Review: Dracula at Leeds Playhouse

If you’re looking for an evening of drama, thrilling horror, seduction and an intriguing storyline you won’t be disappointed by Dracula.

On behalf of Leeds Living, I was lucky enough to be invited along to review the Halloween production of Dracula, performed by Northern Ballet and directed by David Nixon OBE.  It was an evening of gothic-liberating passion and dramatic suspense.

When I was handed my programme for the performance, I was intrigued to read about the development of the show and how the Halloween story, Dracula, had made its way to the world of ballet. Nixon writes, ‘the starting point for the creation of Dracula was the duet between Mina and Dracula, where they give in to their feelings of unequivocal love.’ It’s interesting to note that the whole show was built around one duet. The rest just seemed to fall into place. This was definitely obvious throughout the whole performance as each scene led on to the next so fluidly, like a well-oiled machine of elegance and grace.

Javier Torres as Dracula and Abigail Prudames as Mina

There’s confrontation, seduction, rejection and retribution throughout both acts and we were often left clutching the edges of our seats.

Joseph Taylor as Dr Seward and Kevin Poeung as Renfield

The ballet gives little time for thought as each scene flows so seamlessly and quickly into the next. The momentum of the performance keeps the audience in suspense. However, when I had chance before each act, I quickly scanned ‘the story’ section of the programme so I had a better understanding of what each scene was expressing through the technical choreography and the dancers’ emotive movement.

We’re taken on a journey that follows Dracula; a vampire who lives in a crumbling castle in the mountains of Transylvania and Mina; a young girl who is unconditionally drawn to Dracula, though she should be repulsed. They fall in love through a complicated and dramatic state of affairs. Lucy, Mina’s best friend, is seduced by Dracula’s allure and becomes the first victim of his blood-sucking thirst. Lucy’s previously foreshadowed death becomes a reality as Dracula’s fangs sink into her neck and she shudders with ecstasy as she is turned by Dracula.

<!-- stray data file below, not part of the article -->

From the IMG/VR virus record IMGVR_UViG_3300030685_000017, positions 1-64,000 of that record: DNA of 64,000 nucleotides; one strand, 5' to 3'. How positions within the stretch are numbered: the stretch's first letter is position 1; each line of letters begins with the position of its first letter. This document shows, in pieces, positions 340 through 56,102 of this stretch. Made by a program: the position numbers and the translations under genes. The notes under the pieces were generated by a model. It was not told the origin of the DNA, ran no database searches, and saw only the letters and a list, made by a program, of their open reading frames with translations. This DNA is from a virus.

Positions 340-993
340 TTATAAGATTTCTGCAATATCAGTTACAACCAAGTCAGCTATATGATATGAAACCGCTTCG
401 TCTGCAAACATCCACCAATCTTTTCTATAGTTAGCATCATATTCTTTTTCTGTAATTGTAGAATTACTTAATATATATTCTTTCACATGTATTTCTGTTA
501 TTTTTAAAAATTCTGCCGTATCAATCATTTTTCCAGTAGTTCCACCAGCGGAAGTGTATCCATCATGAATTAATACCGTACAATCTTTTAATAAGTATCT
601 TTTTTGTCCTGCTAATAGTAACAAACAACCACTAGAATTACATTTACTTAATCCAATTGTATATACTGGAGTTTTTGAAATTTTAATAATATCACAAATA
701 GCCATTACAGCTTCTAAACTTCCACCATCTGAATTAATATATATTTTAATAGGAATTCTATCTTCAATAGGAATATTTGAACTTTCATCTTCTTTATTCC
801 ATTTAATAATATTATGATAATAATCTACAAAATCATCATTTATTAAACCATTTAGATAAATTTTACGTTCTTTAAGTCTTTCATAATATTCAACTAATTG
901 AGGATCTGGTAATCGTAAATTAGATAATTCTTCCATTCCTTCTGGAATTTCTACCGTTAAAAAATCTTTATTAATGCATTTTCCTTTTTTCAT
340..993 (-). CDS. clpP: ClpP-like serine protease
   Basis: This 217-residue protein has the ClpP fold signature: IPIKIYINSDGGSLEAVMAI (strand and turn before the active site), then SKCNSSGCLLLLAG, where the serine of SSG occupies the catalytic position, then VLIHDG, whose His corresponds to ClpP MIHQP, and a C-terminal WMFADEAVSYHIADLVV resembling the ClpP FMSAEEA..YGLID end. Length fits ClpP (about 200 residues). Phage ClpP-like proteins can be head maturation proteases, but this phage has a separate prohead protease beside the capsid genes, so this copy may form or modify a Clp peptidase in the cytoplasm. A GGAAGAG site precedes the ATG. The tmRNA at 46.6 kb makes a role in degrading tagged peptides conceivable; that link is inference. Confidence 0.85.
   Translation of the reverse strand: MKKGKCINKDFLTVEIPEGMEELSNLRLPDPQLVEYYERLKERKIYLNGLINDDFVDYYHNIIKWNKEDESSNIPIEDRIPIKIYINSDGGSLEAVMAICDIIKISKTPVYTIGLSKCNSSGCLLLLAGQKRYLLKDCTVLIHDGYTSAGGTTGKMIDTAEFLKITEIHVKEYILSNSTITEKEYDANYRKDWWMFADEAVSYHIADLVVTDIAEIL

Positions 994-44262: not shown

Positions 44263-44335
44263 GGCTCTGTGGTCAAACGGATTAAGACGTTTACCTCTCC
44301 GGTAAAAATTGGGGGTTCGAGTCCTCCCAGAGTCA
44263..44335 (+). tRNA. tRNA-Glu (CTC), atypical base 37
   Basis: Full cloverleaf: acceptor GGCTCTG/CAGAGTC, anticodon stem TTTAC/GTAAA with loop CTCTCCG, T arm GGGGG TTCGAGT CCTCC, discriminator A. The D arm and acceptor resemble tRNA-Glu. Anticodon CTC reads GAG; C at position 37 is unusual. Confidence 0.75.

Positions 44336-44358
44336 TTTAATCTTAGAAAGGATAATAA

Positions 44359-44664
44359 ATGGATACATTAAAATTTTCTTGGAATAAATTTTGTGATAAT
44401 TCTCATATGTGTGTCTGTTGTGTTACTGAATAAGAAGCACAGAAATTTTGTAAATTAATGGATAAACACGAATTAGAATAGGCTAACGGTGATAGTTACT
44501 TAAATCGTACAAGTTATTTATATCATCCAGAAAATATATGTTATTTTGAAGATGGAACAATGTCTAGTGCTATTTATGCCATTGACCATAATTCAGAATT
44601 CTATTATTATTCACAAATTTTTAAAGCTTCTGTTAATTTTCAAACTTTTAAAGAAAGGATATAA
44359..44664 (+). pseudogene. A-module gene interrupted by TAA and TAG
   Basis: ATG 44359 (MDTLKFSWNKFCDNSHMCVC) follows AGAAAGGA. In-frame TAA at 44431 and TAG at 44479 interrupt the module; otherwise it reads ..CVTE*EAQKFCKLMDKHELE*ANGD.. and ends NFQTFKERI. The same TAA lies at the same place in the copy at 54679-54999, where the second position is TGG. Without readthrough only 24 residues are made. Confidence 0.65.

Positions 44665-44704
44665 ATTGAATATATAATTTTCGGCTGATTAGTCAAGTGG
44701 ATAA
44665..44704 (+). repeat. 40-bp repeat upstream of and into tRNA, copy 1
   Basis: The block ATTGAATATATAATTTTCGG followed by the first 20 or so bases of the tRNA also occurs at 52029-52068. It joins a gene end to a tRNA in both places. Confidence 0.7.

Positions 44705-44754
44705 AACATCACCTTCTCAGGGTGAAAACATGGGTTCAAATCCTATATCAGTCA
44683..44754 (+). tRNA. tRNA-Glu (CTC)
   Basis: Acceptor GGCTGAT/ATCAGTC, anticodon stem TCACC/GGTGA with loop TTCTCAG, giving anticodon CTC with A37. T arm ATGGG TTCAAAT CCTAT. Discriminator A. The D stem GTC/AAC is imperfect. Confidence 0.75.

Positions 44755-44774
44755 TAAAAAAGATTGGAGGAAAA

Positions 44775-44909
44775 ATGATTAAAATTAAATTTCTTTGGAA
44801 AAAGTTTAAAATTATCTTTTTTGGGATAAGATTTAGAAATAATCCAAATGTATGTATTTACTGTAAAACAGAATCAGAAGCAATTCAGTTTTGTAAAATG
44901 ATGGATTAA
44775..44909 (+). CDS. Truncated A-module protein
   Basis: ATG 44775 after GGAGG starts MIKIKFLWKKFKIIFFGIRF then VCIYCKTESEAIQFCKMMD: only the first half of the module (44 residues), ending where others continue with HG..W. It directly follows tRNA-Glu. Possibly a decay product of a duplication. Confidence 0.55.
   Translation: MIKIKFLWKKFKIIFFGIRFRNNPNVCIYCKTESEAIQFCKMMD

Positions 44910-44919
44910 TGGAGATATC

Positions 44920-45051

Joseph Taylor as Dr Seward and Antoinette Brooks Daw as Lucy

Act 2 is dominated by emotion – from grieving, to love, to anger, to betrayal and to suicide. We’re taken on a rollercoaster of emotional turmoil. I was even questioning myself, asking whose side I was actually on? However, I’m not going to give too much away of the plot line, as you’ll have to see the performance for yourself to understand just how juxtaposed each scene is to the next and how conflicted your emotions can become when watching the performance.

Joseph Taylor as Dr Seward and Antoinette Brooks Daw as Lucy

The cast was unbelievable. Something I love about ballets like Dracula, is that there’s never just one lead character. Not only were we blessed with the elegance and grace of Mina (Abigail Prudames) throughout the show, but we also experienced a raw and dynamic performance from Lucy (Antoinette Brooks-Daw).  Simultaneously, Count Dracula (Javier Torres) brought the gothic prowess to the stage and Renfield (Kevin Poeung) was whacky and wonderful. I found myself not knowing where to look as there were so many climatic aspects to the performance. They were
technically perfect, synchronized to a T, with every lift, kick and trick looking effortless. The way the women transitioned from body to body, as though there was no effort required was phenomenal, even more so when you think about how gruelling the rehearsal period must have been to reach perfection.

Javier Torres as Dracula

The costumes were exquisite. From the infamous cape of Dracula to the seductive white dress that Mina wore in the Love scene – each piece was beautifully crafted to such a high quality. The movement of the material just added to the smooth and ethereal atmosphere. Each costume conjures up the suppression and morality of Victorian society, whilst portraying each character’s persona perfectly. Moreover, the lighting and prop design was perfectly crafted to
keep us guessing, eyes eager to take in every detail,  especially when the cage in which Renfield is trapped was lowering down from the ceiling to herald his appearances.

Kevin Poeung as Renfield

After being left in suspense for so long, the whole piece came together during the final scene as the story ended in tragedy.  Overall, I was slightly overawed by the performance as the curtains closed.  I can’t think of better entertainment for this spooky Halloween time of year.

Riku Ito as Old Dracula

Photographs by Emma Kauldhar.  Feature photograph is Javier Torres as Dracula.

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